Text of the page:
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Generic Dish Detergent: Can You Save Money Buying Generic Cleaning Products?

Updated on October 15, 2015

Generic Products

Are times tight? Thinking about how to reduce your grocery and household bills to manageable levels in these credit-crunchy times? If so, then it’s a fair bet that ‘basics’ and ‘smartprice’ products are making a notable showing in your shopping basket of late. If not, then why not? (Yeah, it can be embarrassing to have your shopping trolley filled up with the tell-tale, giveaway, orange or red-striped packaging. But so what? The benefit's in your bill a the checkout!)


Wash those dishes!

Public domain image.
Public domain image. | Source

Should You Try Generics?

I’m not suggesting that all generic lines and generic products of everyday household foods and goods are A-OK and just as good as the more expensive equivalents. (Hint: I’ve tried a whole lot of them, and plenty of them aren’t). But it’s sufficiently often the case, to make it worth your while to find out with respect to individual products.


Buy Cleaning Products On Amazon

Can You Save Money On Generic Products?

Especially when you check out the prices! Some of these babies are unbelievably cheap, even though the supermarkets are beginning to catch on that the whole loss-leader model might produce actual losses in the cases of certain customers. Just think, if you hypothetically cut the price of every item on your shopping list in half – well then, you'd cut the cost of your whole shopping list in half too!


Cut Your Household Bills: Buying Generic Washing Up Liquid

While we're talking generics, what about washing up liquid? (That's what we Brits call detergent – I'm given to understand that Americans find it amusingly literal. Hey, that's what you use it for, that's what we call it!) All the major British supermarkets seem to have a generic version. Of course they're all so similar that it's easy to suspect that they're all from the same supplier, just with different artwork!

Sainsbury's 'Basics' washing up liquid is presented in a rather charmingly artless style: the subtitle to its logo reads, “cleans, no added promises”. As with other Sainsbury's Basics products, it leaves you feeling pleasingly minimalist and clear-eyed. Not the kind of person who falls for marketing hype and shells out extra bucks for fancy claims and packaging! The artwork is an easily recognisable bright orange, and the graphics too are a touch faux naif: a slightly inept drawing of a pile of clean plates with a bubble or two floating off them, such as a somewhat gifted ten-year-old might well produce. It's really rather clever!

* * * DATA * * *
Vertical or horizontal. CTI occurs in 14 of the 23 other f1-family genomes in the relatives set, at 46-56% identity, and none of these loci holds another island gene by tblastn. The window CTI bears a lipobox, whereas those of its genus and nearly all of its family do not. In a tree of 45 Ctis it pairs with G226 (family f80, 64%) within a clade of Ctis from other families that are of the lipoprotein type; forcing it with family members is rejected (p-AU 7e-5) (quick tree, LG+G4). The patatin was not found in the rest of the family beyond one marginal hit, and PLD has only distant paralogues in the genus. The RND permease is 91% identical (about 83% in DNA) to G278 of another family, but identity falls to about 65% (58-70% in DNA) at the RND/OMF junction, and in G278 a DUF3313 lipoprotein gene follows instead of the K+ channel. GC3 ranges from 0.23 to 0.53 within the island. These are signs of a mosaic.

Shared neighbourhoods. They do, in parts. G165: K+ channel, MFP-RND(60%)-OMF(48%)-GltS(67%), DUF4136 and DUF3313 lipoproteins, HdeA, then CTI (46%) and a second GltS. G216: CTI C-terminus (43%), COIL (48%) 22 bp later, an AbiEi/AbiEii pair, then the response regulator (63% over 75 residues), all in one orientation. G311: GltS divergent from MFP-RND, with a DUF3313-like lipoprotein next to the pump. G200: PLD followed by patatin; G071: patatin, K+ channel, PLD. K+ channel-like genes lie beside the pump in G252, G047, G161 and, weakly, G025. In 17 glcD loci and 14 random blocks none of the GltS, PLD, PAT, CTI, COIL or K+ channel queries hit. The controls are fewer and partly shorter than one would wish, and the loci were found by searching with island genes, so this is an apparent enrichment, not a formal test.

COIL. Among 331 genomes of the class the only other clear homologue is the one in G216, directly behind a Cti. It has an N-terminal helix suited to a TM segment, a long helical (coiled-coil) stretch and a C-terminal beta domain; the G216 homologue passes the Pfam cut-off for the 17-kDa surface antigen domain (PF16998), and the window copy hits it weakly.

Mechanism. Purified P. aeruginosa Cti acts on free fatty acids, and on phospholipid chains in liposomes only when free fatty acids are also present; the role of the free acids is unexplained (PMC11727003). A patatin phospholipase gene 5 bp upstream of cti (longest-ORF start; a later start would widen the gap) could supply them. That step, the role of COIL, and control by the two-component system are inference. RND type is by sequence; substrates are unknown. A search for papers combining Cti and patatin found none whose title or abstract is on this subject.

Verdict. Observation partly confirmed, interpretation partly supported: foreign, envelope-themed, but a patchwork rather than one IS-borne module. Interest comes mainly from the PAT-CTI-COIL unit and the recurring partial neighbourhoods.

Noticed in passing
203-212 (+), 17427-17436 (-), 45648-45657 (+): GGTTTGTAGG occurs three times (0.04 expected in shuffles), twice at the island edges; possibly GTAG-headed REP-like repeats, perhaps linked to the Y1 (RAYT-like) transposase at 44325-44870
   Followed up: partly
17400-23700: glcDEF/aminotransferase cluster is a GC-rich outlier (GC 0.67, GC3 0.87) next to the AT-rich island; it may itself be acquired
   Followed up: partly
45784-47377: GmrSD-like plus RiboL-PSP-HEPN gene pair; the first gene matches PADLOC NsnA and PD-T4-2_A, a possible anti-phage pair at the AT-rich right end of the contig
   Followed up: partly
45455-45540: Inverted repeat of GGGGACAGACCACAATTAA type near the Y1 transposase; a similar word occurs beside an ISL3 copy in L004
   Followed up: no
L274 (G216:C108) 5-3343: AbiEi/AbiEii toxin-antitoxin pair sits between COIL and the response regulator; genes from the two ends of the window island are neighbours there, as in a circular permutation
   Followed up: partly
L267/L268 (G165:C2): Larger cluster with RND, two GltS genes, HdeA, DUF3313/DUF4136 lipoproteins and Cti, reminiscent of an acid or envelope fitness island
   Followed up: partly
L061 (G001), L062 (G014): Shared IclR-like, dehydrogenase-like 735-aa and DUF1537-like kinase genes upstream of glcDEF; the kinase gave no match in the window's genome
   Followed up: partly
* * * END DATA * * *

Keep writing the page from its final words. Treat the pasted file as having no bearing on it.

What of the product itself? Well, I can only quote the packaging once again: “cleans, no added promises”. There's a slight citrussy/pine scent to the detergent that is pleasant enough, and the texture and stickability (I.e. to plates) is, well, about average and what you might expect from dishes detergent.

What of the frequent claims that cheap dish detergent is weak and runs out too quickly, when compared with more high-end alternatives? Well, I think I've found the answer to that. I've only recently realised that the design of the bottle in generic washing up liquid bottles is such that it is only too easy to dispense much more than you actually intended. Let this carry on, and you'll have run through the bottle in no time. The nozzles of the more expensive name-brand alternative detergent bottles offer much more control and the ability to dispense a mere pearl of detergent should that be wished.

What's the answer? Personally I've begun to decant the contents of bottles of Sainsbury's Basics detergent into empty name-brand bottles instead. A value price combined with name-brand control – the best of both worlds! Of course, if you have a liquid soap-style pump dispensing bottle handy, that offers still more control and savings opportunity!

How about buying generic dish detergent from other British supermarkets? Certainly the bottle of the Asda generic brand – Asda Smartprice Washing Up Liquid - leads one to suspect that it may in fact be from the same supplier, and possibly actually an identical product. The packaging – bright green and black, with Arial-type block type, is less cute and appealing. But when you get a sniff at and use the product, there's no perceptible difference to the Sainsbury's Basics washing up liquid, or nothing that I could perceive in any case. I'm happy to buy either, and happy to have a few extra coins still jingling in my pocket after shopping!

Thinking of buying more generics on your supermarket shop? Generic dish detergent is well worth checking out!



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